Monday, September 27, 2010

Not All Awful Books ...

The website Awful Library Books points us to just what the title indicates. For example:

Rules to Be Cool from 2001, which I'm sure resulted in dozens of cool-rule-obeying youngsters.
The Central Youth Employment Executive of Her Majesty's Stationery Office presents The Mastic Asphalt Spreader, with a deliciously attractive cover.

Thursday, September 23, 2010

A Good Family Crest

Le Febve de Vivy
Crest of the Le Febve de Vivy family, about which I know little other than they are Swiss and Belgian and like cute cartoonish birdies.

Mesmerist and Handwriting Teacher

[Post updated-- scroll down for more info.]

This is a scan of an 1844 printed poster advertising a performance by a traveling mesmerist. I found it recently clearing out some old work and sadly I can't conjure the mesmerist's name for certain. I believe it was Charles Webster, an itinerant showman. If I recall correctly, at various times he taught handwriting, too.

It's a lovely old advertising print, I think. Click the image to enlarge and see it more clearly.

Update: With the help of a friend, we've recalled the name of the mesmerist: Jonathan Palmer Webster, aka J Palmer Webster.

Webster was from a farming family in New Hampshire. He set up a penmanship school called Webster's Academy of Penmanship and Stylographical Card Drawing. A relative gave him funds for medical school, which he attended in New York until the money ran out.

He also called himself an "Itinerant professor of phrenology," and wrote a book about that science.

In the early 1840s, stage mesmerism was a popular entertainment. P.T. Barnum and other impresarios presented regular exhibitions.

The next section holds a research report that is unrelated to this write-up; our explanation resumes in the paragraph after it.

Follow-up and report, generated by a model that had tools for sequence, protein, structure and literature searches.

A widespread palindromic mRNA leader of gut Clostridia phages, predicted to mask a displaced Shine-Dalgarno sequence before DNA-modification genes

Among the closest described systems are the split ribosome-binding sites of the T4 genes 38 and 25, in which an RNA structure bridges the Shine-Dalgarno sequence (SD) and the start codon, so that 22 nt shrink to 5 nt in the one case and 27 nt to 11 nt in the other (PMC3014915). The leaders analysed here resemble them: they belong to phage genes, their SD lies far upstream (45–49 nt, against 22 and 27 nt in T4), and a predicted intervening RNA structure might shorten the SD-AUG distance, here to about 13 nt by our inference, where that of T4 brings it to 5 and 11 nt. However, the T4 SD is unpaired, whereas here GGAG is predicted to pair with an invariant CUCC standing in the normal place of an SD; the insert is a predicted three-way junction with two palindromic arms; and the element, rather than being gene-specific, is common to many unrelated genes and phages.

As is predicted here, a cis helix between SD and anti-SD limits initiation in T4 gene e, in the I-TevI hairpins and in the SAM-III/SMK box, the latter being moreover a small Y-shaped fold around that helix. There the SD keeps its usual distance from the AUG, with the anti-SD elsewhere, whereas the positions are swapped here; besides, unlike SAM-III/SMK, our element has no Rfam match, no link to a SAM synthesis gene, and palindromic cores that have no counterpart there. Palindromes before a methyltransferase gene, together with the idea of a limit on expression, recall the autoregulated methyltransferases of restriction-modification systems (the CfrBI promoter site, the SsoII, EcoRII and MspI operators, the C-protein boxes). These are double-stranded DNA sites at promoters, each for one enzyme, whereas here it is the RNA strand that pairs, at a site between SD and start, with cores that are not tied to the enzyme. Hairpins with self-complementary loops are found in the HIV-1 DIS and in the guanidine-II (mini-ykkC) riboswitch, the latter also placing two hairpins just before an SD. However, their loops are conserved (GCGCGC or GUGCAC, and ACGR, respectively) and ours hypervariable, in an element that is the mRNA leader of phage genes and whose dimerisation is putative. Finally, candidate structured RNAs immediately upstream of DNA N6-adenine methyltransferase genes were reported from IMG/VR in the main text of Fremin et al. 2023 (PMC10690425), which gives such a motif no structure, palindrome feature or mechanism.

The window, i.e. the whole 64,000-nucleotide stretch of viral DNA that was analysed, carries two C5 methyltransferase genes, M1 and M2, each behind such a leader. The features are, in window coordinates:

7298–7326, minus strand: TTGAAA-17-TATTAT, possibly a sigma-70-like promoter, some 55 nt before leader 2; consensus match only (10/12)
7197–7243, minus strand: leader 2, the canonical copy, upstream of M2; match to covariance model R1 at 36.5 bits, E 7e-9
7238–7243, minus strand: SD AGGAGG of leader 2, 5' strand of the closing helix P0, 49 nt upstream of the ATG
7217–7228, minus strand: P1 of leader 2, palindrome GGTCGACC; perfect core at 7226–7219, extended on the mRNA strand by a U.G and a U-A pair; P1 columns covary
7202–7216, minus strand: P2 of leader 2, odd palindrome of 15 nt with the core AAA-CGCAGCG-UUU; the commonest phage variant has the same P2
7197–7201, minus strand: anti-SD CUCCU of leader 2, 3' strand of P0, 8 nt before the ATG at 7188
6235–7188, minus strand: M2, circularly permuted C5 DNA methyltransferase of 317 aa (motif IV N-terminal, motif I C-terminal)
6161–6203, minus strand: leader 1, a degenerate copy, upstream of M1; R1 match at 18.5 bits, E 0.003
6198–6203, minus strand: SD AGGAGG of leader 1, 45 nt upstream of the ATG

Webster began performing stage mesmerism, particularly in Virginia, the Carolinas and New Orleans, where this print is from. In towns where he exhibited he also offered mesmerism classes at as much as $50 a pop -- a hefty charge in those days. Sometimes a clairvoyant named Frederick would perform with him.

For stage hypnotists of the era, clairvoyants would be put into a trance state and see things at a distance or in the future. Sometimes they would act as healers by "seeing" into the bodies of audience members and identifying diseased organs.

In 1849 Webster migrated from New Orleans to San Francisco (Gold Rush, perhaps?). There he apparently worked as a physician despite not having completed his education. After that I know nothing of J. Palmer Webster, a very minor figure who left behind some great handbills and posters.

Sunday, September 12, 2010

Titus, it's your anniversary!

Titus Oates, with a name that sounds like a country singer's, was a scoundrel. He fabricated the Popish Plot -- which led to the execution of over fifteen innocent men and which exacerbated an anti-Catholic mood into a frenzy -- and committed sundry bad deeds that were more prosaic.

His punishments include something I was unfamiliar with: